Jane was already gone when he rose that winter morning.  With nothing pressing on his schedule while his business partner was abroad, he yawned luxuriously and washed his face before thinking about preparing for the day.  He was still toweling his face when he heard the scream. 

Perhaps.  Perhaps it was Jane Austen’s tormented twin whose dreams bubbled to the surface unbridled, unrestricted, and unbelievable—maybe writing them down was an exercise insanity.  Perhaps this is what Jane Austen would’ve written if she lived next door to Sherlock Holmes.  Who knows? Continue reading

The Road to Pemberley: An Anthology of New Pride and Prejudice Stories, edited by Marsha Altman – A Review

The Road to Pemberley, edited by Marsha Altman (2011)Guest review by Shelley DeWees – The Uprising

Did you ever wonder about Georgiana Darcy, cooped up in her big mansion waiting for a few letters from her big brother?  Or how about a mushroom trip at the dinner table, with only the snide Caroline Bingley to keep any clear-headed company?  Ever wonder what that would be like?  What about Kitty Bennet?  Whatever happened to her?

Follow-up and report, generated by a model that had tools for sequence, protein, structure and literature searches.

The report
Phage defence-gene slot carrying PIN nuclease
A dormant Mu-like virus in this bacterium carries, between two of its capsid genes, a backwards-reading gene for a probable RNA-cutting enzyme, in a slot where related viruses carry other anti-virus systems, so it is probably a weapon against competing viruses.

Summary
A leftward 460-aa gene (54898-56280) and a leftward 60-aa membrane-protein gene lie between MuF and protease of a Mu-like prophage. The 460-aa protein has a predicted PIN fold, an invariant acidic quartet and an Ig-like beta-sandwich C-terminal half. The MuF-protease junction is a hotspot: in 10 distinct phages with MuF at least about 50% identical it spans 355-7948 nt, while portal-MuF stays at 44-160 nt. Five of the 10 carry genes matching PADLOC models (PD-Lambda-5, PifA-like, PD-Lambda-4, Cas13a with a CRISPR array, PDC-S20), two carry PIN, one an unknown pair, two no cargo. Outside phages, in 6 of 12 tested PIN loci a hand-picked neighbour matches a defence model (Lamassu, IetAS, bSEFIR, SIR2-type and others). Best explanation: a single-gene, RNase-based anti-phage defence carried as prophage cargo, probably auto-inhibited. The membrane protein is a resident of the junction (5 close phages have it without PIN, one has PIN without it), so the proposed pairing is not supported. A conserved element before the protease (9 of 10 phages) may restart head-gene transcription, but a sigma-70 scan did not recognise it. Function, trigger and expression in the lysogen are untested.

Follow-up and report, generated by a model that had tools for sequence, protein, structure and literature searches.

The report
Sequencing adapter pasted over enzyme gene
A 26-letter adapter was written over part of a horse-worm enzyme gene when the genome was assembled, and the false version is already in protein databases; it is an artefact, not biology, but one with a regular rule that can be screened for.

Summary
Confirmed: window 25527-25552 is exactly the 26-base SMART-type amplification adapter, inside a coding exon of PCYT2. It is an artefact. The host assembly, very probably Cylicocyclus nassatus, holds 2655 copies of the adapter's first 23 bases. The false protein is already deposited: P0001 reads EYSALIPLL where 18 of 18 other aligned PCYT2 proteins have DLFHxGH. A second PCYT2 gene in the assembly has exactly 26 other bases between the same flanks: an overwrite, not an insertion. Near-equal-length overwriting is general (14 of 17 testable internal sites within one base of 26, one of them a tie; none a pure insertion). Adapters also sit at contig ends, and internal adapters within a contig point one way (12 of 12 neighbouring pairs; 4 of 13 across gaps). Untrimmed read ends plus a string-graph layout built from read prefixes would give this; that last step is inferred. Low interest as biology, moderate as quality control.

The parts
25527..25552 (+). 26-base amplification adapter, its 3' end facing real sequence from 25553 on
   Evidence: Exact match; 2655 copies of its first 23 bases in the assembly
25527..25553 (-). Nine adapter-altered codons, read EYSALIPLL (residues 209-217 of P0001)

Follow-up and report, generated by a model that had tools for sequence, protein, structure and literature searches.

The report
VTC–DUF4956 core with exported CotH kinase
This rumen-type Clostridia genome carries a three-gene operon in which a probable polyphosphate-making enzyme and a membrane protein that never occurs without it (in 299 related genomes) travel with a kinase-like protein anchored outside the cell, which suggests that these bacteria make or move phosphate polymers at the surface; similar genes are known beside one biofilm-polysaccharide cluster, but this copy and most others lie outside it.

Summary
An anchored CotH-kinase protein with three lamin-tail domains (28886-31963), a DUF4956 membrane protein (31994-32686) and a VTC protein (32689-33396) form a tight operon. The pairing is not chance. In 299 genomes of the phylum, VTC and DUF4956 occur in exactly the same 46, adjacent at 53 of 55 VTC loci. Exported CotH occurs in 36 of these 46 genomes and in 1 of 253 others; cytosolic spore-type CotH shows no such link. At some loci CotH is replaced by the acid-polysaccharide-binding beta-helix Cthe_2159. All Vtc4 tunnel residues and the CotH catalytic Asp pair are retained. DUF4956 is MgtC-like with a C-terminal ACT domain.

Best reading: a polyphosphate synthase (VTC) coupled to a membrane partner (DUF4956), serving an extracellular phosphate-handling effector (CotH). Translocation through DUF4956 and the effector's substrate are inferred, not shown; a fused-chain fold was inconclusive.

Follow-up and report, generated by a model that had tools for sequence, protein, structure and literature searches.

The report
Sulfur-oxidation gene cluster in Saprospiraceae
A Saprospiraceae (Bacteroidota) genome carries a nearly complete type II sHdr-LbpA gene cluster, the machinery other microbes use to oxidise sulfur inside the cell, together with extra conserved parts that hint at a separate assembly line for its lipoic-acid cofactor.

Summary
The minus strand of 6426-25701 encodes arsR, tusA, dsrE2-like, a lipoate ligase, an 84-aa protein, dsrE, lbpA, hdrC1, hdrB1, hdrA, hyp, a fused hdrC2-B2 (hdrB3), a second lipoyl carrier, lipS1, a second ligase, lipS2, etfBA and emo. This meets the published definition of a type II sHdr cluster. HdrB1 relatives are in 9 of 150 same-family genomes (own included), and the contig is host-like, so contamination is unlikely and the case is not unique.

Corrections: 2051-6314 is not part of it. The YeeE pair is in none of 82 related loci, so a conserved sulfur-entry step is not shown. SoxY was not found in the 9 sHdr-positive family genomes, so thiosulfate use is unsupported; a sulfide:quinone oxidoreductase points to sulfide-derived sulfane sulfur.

Yes, if you’ve ever wondered about these things, then The Road to Pemberley is for you.  Stemming from our beloved Pride and Prejudice, this anthology of twelve short-stories rolls nearly every character, plot device, setting, and love interest into a big wad, smashing and smooshing, mixing and fixing, wringing out story after story of creative fan fiction where every sentence is dripping with possibility.  And really, many of them ooze with NEW possibility!  Things you’ve never thought of before!  Things more exciting than Darcy and Elizabeth with a gaggle of children and millions of dollars to play with!

Edited by The Darcys and the Bingleys series author Marsh Altman, she also supplies the introduction and her own short-story “Pride and Prejudice Abridged.” Regina Jeffers is another familiar Austen sequel writer and offers up “The Pemberley Ball.” The remaining ten authors are debuting fan fiction writers: “But He Turned Out Very Wild” by Sarah A. Hoyt, “A Long, Strange Trip” by Ellen Gelerman, “An Ink-Stained Year” by Valerie T. Jackson, “The Potential of Kitty Bennet” by Jessica Koschnitzky, “A Good Vintage Whine” by Tess Quinn, “Georgiana’s Voice” by J.H. Thompson, “Secrets in the Shade” by Bill Friesema, “A View from the Valet” by Nacie Mackey, “Beneath the Greenwood Trees” by Marilou Martineau and “Father of the Bride” by Lewish Whelchel.